BOSTON — Plenty of new failed to alter familiar results for the Tampa Bay Lightning on opening night.
With six rookies on the ice, a new coaching staff behind the bench, new division rivals on the opposing side and a renewed commitment to defensive play, Tampa Bay still came out on the wrong side of a result against Boston in a 3-1 loss in front of an announced sellout crowd of 17,565 at TD Garden.
The loss dropped the Lightning to 4-27-9 all-time in Boston, where Tampa Bay has lost seven consecutive games.
Valtteri Filppula scored in his Lightning debut, while Anders Lindback finished with 22 saves to take the loss.
The Bruins, defending Eastern Conference champions, got a 32-save performance from Tuukka Rask in net, while Milan Lucic had the game-winner late in the second period.
Then there were the two short-handed goals, from Patrice Bergeron and Chris Kelly (on a penalty shot), as the Lightning’s power play fizzled and failed to convert on five opportunities, including two lengthy two-man-advantage chances.
“Our power play let us down tonight, and not in a million years would I have thought the power play would be the thing to let us down tonight,’’ captain Marty St. Louis said. “They were taking away some of our go-tos and we were slow to reacting or adjusting, and that falls on the top guys’ shoulders.”
At even strength, the Lightning were even with the Bruins, if not a tick better, outshooting Boston 28-20 and not giving in to some of the momentum swings that went the Bruins’ way.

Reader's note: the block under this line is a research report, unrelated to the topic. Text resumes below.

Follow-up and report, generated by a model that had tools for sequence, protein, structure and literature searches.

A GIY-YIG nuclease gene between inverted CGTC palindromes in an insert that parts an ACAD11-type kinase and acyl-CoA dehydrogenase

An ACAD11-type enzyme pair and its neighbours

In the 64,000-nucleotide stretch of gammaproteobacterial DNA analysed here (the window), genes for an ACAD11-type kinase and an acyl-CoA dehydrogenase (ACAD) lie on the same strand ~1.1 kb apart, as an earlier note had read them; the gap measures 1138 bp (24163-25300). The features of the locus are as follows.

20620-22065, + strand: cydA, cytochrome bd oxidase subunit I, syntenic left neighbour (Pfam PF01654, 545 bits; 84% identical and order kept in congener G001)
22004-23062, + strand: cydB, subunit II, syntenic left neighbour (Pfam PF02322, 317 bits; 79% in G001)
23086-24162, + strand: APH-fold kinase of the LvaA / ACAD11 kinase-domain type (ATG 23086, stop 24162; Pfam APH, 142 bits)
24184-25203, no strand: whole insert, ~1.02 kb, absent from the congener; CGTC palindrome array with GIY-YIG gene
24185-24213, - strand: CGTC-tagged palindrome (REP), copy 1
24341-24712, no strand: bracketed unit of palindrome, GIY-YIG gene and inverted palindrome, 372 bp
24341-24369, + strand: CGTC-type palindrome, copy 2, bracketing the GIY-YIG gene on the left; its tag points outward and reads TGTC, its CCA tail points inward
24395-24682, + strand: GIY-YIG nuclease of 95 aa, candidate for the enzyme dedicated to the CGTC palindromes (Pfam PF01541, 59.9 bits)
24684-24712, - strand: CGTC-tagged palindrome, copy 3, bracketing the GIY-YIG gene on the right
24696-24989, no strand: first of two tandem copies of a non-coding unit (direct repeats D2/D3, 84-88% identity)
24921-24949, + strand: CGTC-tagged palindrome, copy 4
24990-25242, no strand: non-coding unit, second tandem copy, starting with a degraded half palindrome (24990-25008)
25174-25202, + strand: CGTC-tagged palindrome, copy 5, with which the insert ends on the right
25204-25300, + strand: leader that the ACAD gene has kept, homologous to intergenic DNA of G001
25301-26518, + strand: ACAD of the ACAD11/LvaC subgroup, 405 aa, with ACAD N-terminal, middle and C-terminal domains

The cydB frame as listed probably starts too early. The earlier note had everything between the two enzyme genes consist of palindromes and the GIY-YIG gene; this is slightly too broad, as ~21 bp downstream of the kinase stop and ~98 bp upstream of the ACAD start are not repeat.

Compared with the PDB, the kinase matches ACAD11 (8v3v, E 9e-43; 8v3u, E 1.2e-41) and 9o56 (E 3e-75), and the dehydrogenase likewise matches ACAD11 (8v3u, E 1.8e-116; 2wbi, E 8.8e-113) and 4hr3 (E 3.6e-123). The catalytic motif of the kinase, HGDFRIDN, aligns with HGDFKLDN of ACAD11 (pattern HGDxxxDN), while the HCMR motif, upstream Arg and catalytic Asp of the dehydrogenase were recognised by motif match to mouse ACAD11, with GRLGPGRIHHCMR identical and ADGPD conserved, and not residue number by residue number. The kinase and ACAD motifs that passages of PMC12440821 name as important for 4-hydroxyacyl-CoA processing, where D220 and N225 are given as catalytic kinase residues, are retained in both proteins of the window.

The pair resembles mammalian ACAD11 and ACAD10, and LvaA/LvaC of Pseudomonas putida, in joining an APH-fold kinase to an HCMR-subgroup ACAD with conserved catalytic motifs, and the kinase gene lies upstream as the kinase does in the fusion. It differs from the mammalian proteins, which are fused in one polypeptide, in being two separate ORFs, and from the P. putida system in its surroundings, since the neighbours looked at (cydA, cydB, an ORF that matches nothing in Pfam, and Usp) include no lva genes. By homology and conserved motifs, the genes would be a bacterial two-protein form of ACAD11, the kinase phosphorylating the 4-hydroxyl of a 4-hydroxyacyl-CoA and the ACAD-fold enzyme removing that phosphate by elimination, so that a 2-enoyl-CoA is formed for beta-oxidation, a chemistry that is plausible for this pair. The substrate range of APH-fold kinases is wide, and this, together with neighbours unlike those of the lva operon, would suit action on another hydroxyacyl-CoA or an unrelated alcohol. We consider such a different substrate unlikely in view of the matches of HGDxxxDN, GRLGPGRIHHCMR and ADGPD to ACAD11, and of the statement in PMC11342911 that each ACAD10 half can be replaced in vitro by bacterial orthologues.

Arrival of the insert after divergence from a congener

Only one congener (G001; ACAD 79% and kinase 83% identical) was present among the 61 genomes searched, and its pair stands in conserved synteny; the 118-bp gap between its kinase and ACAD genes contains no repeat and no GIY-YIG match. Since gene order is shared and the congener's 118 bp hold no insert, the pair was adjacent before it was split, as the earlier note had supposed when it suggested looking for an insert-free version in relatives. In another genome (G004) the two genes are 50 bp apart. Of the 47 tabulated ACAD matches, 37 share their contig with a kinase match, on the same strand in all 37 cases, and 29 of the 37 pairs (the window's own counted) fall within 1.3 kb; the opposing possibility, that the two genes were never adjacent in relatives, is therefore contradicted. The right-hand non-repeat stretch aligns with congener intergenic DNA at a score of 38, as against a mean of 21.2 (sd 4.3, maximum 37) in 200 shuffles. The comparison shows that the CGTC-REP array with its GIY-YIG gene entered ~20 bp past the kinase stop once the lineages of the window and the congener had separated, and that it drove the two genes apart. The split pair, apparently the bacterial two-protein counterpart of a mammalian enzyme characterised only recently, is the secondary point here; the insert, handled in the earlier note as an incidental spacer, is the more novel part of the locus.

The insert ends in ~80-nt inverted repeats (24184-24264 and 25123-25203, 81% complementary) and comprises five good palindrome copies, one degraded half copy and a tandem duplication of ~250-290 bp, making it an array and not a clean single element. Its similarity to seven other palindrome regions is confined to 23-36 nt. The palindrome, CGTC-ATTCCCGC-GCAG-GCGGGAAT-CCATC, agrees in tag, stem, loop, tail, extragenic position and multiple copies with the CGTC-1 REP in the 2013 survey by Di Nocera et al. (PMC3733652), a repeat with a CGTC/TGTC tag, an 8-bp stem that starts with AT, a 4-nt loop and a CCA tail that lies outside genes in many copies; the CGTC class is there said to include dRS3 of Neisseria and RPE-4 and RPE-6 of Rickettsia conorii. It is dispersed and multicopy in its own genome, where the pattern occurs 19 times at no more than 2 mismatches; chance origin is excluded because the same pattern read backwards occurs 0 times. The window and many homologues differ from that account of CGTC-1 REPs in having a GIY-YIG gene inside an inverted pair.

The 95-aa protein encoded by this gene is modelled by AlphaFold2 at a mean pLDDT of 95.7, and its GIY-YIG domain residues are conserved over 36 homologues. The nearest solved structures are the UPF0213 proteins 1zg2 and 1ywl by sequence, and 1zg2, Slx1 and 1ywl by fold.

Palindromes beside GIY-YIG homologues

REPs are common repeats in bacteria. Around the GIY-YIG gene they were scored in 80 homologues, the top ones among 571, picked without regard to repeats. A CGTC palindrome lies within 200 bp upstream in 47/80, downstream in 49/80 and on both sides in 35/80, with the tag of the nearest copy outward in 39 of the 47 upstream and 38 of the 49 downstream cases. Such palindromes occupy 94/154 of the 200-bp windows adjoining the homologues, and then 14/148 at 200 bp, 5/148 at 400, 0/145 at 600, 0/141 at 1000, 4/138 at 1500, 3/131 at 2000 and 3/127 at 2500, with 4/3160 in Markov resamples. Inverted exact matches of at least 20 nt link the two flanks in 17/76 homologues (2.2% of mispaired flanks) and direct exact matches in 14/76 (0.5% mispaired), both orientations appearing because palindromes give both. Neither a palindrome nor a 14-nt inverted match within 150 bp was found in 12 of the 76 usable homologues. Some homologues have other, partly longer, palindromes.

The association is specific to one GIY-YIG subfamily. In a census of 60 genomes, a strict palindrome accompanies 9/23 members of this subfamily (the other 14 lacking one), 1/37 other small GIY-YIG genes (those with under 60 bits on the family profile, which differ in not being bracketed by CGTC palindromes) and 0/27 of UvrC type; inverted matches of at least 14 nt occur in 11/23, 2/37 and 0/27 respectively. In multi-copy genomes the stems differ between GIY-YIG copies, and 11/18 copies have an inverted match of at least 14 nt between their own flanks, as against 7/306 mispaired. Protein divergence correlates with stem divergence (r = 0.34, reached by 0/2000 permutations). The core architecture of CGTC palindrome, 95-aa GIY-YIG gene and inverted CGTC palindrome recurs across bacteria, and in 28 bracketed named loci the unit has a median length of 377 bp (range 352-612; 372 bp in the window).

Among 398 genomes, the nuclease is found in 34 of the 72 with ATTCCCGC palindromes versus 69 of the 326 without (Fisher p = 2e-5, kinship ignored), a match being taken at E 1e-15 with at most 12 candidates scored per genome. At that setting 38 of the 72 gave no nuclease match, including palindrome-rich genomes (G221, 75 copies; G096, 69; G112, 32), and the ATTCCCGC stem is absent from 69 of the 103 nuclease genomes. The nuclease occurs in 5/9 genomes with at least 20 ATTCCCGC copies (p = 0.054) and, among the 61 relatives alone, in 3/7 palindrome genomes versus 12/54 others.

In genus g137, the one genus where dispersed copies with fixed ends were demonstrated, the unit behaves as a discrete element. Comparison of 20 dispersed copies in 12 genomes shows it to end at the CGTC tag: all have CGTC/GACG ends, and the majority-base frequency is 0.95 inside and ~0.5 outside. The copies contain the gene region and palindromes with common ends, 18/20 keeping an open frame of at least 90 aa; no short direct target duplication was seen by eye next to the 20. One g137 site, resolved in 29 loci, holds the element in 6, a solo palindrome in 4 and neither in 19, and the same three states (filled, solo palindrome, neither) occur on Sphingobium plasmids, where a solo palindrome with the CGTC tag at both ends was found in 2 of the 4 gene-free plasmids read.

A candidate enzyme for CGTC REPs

“Five-on-five, you couldn’t say one team was better than the other, both teams had their chances and I was really happy, I didn’t think we gave up too much,’’ Lightning coach Jon Cooper said. “Aside from the power play, I was really happy with the way we played.’’
The first Boston short-handed goal came 11:39 into the game, when rookie defenseman Mark Barberio left a drop pass for Filppula that was picked off by Kelly, who raced in alone. Barberio was then forced to hook Kelly, resulting in the penalty shot, which Kelly buried after putting a pump-fake move on Lindback.
Tampa Bay had a 5-on-3 power-play chance for 1:54 late in the first period, but could not convert despite four shots.
In the second, the teams exchanged even-strength goals, Filppula converting a pass from Eric Brewer to tie it at 10:32 of the second period.
Lucic gave Boston the lead back, taking a back pass from David Krejci before settling the puck and lifting a shot over Lindback with 60 seconds left in the period.
Early in the third, Tampa Bay got another two-man advantage when Zdeno Chara was called for interference two seconds into Scott Thornton’s slashing call at 2:03.
But the Lightning failed to generate a quality scoring chance before Ryan Malone negated the final 38 seconds of the advantage on an interference call at 3:38. Twenty-four seconds later, Bergeron took the puck from Richard Panik to start a 2-on-1 rush, which Bergeron finished when he wristed a shot off Lindback at 4:02.
“You don’t want your power play to go like that, we had a couple of long five-on-threes where you need to score,’’ Filppula said.
But it wasn’t all bad for Tampa Bay, which outshot the Bruins 33-25, and received good enough goaltending to have a chance.
“I saw 57 minutes of good hockey, and then about three minutes of a tough power play,’’ Cooper said. “You can go two months without giving up two short-handed goals, and here we gave up two in a game. So that’s the frustrating part because that’s the difference in the game.’’